What advanced education or special training do you have? 

I am definitely a life long learner who for the past 10 years has listened to dozens of professional webinars and attended several different major conferences and symposiums every year that mostly focus on functional and integrative approaches to health. I took the Functional Nutrition Course through the Institute for Functional Medicine, and the Food as Medicine professional training courses through the Center for Mind-Body Medicine. Being on the executive committee and now the Chair of Dietitians in Integrative and Functional Medicine has also afforded me numerous opportunities to build my knowledge base. I will never stop pursuing learning opportunities especially when the field is so incredibly dynamic. I just hope my brain can hold all the info!

In an ideal world, what does the industry look like 5 years from now? 

I hope the world of dietetics will be more aligned and less divided on a variety of topics. Or if the division still exists, I hope there is a cordial agreement to respect the others’ opinions. I also hope food policy won’t be so driven by food industry. I fear that decisions around our food – both access and quality – are often being made by organizations that may not always have the consumer’s health in mind. I would love for RDN’s to have greater respect overall in the medical community as an integral part of the health care picture. I also hope that more RDN’s feel empowered to take an integrative approach to nutritional counseling, incorporating other aspects of what constitutes “health” and come to understand the value of personalizing the strategies, and that not all research may apply to every single person in the same way. And I hope that this is taught and incorporated into nutrition school curriculums and in medical schools. Filling out the conversation with our patients to include sleep, stress, GI (gastrointestinal) issues, environment, genetics, physical activity, and the benefits or lack thereof of supplementation will inevitably make our ability to guide and improve health outcomes all the stronger.

What are challenges you encounter as a RD? 

I don’t think people, my friends and acquaintances included, or other medical professionals always understand the depth of our knowledge and training around food and disease and how strong our understanding is of how to prevent, treat and in some cases possibly even reverse chronic health issues.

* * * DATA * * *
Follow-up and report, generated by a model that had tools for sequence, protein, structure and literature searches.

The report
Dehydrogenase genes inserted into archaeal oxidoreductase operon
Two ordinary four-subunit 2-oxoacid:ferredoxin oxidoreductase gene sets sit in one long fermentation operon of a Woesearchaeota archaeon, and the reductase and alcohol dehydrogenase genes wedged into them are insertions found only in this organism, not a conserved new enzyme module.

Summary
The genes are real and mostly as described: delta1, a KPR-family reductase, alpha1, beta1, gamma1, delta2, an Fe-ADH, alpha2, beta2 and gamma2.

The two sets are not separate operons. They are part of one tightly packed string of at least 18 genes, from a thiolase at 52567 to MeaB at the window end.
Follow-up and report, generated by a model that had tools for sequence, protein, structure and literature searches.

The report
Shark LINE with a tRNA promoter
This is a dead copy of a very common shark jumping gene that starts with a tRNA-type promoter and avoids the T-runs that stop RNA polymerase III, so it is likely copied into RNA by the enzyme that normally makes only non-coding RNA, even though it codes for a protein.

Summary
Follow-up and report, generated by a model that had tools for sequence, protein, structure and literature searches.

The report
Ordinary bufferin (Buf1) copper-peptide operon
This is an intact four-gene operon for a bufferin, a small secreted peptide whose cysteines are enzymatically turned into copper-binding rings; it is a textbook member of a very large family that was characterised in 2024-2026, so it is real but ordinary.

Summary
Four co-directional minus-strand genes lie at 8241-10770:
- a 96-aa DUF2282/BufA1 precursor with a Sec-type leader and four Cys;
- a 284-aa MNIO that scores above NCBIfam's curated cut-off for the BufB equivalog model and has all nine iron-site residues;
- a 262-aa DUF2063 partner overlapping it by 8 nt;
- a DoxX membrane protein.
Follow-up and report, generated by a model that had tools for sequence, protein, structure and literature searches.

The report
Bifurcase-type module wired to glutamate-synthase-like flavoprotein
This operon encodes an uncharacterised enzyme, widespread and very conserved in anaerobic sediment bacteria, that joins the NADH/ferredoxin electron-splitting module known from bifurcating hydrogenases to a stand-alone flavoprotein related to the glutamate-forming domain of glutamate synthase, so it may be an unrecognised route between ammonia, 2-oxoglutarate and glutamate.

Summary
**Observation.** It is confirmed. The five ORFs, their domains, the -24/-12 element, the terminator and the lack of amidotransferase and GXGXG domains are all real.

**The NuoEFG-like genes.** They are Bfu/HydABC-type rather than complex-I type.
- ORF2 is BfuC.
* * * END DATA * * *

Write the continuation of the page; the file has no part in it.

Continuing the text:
What do people think that you do for a living? 

I think some believe that I sit there and tell people to stop eating fast food and eat more vegetables so they can lose weight. I don’t think they understand that food is information for our genes and helps to support our bodies’ biochemical functions, and that decisions around meals go way beyond calories in and calories out.

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What are you passionate about in dietetics? 

I am extraordinarily passionate about the potential that a food as medicine approach has in stopping chronic disease. I love the idea of thinking outside the box with strategies, with trialing options with patients and considering n=1 experiments as a way to determine if the intervention is right for that individual. When we start focusing on the root cause of disease and begin our guidance from that perspective, we have the ability to dig deep and understand how to get us out of the health crisis in which we have found ourselves.

What is your favourite meal? 

Do I have to have a favorite? It depends on the season, on my mood, where I am, but I do love a good Spicy Indian or Thai veggie curry over brown rice, or vegetarian chili bursting with veggies and a side of corn bread. But then I also go nuts for a massaged kale salad with avocado and walnuts and beets! Give me flavor, richness, spice and color. Can I have that many favorites??

What tip(s) would you give to our readers? 

Don’t NOT do something because you are scared or worried that you won’t be successful. Don’t stay too long doing something in the field that doesn’t fill your soul. Stay open minded about the possibilities of this field and keep up the dialogue with those who may have different philosophies from yours. This is a great way to learn.

More about Mary:

Website: Mary Purdy

Podcast: Mary's Nutrition show on iTunes

YouTube channel: Mary Purdy

Facebook: Mary Purdy RD

Twitter: @marypurdyhere

Instagram: @marypurdyrd

Thanks Mary!